Telecommunication satellite: the three additive manufactured brackets easily withstand a temperature range of 330°C and meet the high demand of permanent space missions (Source: Airbus Defence and Space).
Telecommunication satellite: the three additive manufactured brackets easily withstand a temperature range of 330°C and meet the high demand of permanent space missions (Source: Airbus Defence and Space).
The titanium brackets were manufactured using an EOSINT M 280. They can withstand the high temperatures and external forces in space (Source: Airbus Defence and Space).
The titanium brackets were manufactured using an EOSINT M 280. They can withstand the high temperatures and external forces in space (Source: Airbus Defence and Space).

The Airbus Defence and Space division is one of the world‘s leading suppliers of satellite and space transport technology. Its Spanish subsidiary is part of the satellite business and the largest aerospace company in its home market.  Its portfolio ranges from satellite systems to components for the International Space Station ISS. A competence centre for composite materials is also located at the headquarters in Madrid. The requirements for the devices are particularly high because of the tremendous temperature differences and external forces involved. To achieve the best results in component manufacturing, Airbus Defence and Space relies, among other things, on AM technology from the German company EOS.

 Challenge

The current generation of satellites includes specific brackets that serve as a link between the body of the satellite and the reflectors and feeder facilities mounted at its upper end. The engineers at Airbus Defence and Space faced two key challenges with regards to the construction of these retaining brackets: on the one hand, the brackets must fix the securely to the body. On the other hand, however, the task of the brackets is to mitigate the extreme temperature fluctuations in space. The brackets are very important as a layer of insulation: the temperature ranges from -180 to +150 °C, so the stress on the material is extremely high.

Very few materials are able to meet these requirements. As so often in the aviation and aerospace industry, titanium turned out to be the appropriate choice. In addition to its well-known advantages with regards to weight and thermal conductivity, it offers an acceptable density. 

The brackets manufactured in the conventional way and especially their connection with the carbon components of the satellite – a function subject to high thermal stress – did not meet the expectations of Airbus Defence and Space. In addition, subsequent installation on the satellite component was very time-consuming so costs needed to be reduced. The engineers therefore began looking for alternatives. Special attention was paid to the fact that the design of future components could be improved accordingly.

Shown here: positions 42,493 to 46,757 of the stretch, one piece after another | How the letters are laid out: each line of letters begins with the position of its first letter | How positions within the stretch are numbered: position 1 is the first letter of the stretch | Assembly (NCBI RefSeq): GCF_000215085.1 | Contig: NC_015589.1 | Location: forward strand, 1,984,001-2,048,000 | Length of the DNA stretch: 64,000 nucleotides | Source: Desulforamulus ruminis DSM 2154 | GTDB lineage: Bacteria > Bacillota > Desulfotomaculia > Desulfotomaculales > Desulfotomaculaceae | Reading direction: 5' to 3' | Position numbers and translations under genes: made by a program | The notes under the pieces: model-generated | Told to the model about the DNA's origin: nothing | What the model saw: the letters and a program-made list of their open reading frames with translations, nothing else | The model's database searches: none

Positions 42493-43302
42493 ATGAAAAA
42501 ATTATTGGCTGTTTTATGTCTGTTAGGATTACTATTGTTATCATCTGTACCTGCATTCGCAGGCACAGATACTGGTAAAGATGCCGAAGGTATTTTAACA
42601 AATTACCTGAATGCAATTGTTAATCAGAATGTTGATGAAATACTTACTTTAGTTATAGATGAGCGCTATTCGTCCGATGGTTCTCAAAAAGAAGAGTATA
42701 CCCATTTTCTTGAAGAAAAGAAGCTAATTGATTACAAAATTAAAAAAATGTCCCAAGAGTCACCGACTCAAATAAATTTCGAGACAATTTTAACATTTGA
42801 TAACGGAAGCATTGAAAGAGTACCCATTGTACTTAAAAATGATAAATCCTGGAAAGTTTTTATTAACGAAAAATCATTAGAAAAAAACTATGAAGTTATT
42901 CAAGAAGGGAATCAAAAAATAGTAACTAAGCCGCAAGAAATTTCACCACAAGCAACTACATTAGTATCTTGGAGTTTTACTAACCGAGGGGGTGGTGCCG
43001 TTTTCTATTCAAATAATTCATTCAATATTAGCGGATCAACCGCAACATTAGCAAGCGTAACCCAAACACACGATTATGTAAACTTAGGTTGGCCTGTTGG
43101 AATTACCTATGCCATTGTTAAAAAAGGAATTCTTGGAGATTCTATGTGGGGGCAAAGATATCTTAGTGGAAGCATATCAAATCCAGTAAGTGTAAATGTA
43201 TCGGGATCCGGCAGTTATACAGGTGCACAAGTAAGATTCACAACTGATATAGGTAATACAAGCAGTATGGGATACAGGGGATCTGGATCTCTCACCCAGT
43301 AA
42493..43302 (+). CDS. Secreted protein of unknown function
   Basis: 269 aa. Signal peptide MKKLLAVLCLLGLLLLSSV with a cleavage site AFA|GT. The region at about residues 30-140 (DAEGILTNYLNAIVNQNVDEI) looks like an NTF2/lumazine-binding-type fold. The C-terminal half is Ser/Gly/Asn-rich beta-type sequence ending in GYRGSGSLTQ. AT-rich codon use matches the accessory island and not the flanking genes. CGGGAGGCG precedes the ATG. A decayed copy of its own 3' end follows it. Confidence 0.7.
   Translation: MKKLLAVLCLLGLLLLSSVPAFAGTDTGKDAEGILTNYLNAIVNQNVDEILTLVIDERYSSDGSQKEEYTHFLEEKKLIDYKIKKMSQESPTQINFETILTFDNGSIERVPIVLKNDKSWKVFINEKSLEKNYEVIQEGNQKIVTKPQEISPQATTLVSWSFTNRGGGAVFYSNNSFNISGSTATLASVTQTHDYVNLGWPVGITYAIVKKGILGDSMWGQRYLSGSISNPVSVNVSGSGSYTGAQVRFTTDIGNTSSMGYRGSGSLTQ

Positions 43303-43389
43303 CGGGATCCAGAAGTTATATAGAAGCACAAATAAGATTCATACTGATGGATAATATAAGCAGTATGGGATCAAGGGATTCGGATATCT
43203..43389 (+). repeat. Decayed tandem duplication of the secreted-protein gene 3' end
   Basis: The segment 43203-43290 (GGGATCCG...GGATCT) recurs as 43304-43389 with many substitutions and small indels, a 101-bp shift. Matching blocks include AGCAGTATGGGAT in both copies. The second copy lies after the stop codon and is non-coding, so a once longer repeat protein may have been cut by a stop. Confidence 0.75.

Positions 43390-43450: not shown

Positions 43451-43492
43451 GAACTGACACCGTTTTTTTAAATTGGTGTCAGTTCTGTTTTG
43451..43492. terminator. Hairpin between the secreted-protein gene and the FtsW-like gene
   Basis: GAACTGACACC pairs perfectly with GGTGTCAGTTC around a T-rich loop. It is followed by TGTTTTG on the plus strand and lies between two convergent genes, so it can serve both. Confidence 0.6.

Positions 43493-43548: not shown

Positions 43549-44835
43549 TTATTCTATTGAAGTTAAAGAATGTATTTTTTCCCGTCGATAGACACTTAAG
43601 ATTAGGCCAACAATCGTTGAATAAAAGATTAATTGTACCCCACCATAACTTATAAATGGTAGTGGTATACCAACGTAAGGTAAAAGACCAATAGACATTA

Solution

The choice fell to the AM technology for metal parts offered by EOS. This meant that titanium was still usable as a tried and tested material. It also allowed the design of the components to be adapted easily. 

‘The solution now found by us has two advantages,’ said Otilia Castro Matías, who is responsible for the area of antennae at Airbus Defence and Space. ‘For once we were able to optimize production itself. In addition, we have improved the design, so the entire workpiece can be manufactured in a single step.’

After the design was established, the well established process followed: the engineers loaded the 3D construction plans from the CAD software into the production machine – an EOSINT M 280 – and started the manufacturing process: a laser beam precisely melts and hardens the deposited metal powder layer by layer, so when the workpiece is complete, no excess material remains except for re-useable raw material.

Results

The new devices meet all expectations of the experts involved. Most important of all is the improved temperature resistance of the entire structure, which now can easily and permanently withstand a margin of 330 °C under a force of 20 kN. In addition to this, the Spanish aerospace experts were able to reduce production time of the brackets during assembly of feed and sub reflector units by five days. Production time of the three brackets required for each satellite is now less than a month. 

‘These improvements significantly reduce thermally induced failure during the qualification test campaign,’ added Castro Matías. ‘The cost of space activities is relatively high, so it is even more important to protect any hardware from possible failures. The AM method brought measurable benefits to critical aspects of the project, without requiring cuts to be made elsewhere.’  

In addition to the technical advantages, targeted cost reductions were achieved: savings in production alone amount to more than 20%. What is more, the weight advantage is about 300 g, which means nearly one kilo per satellite. 

‘The use of titanium as the material for the retaining brackets of our satellites has proven highly effective,’ said  Castro Matías. ‘The main weakness, however, was the connection of the brackets with the carbon panel of feed and reflector assembly because here the thermal stress was negative factor. Thanks to AM, we were able to redesign the bracket and eliminate this vulnerability.’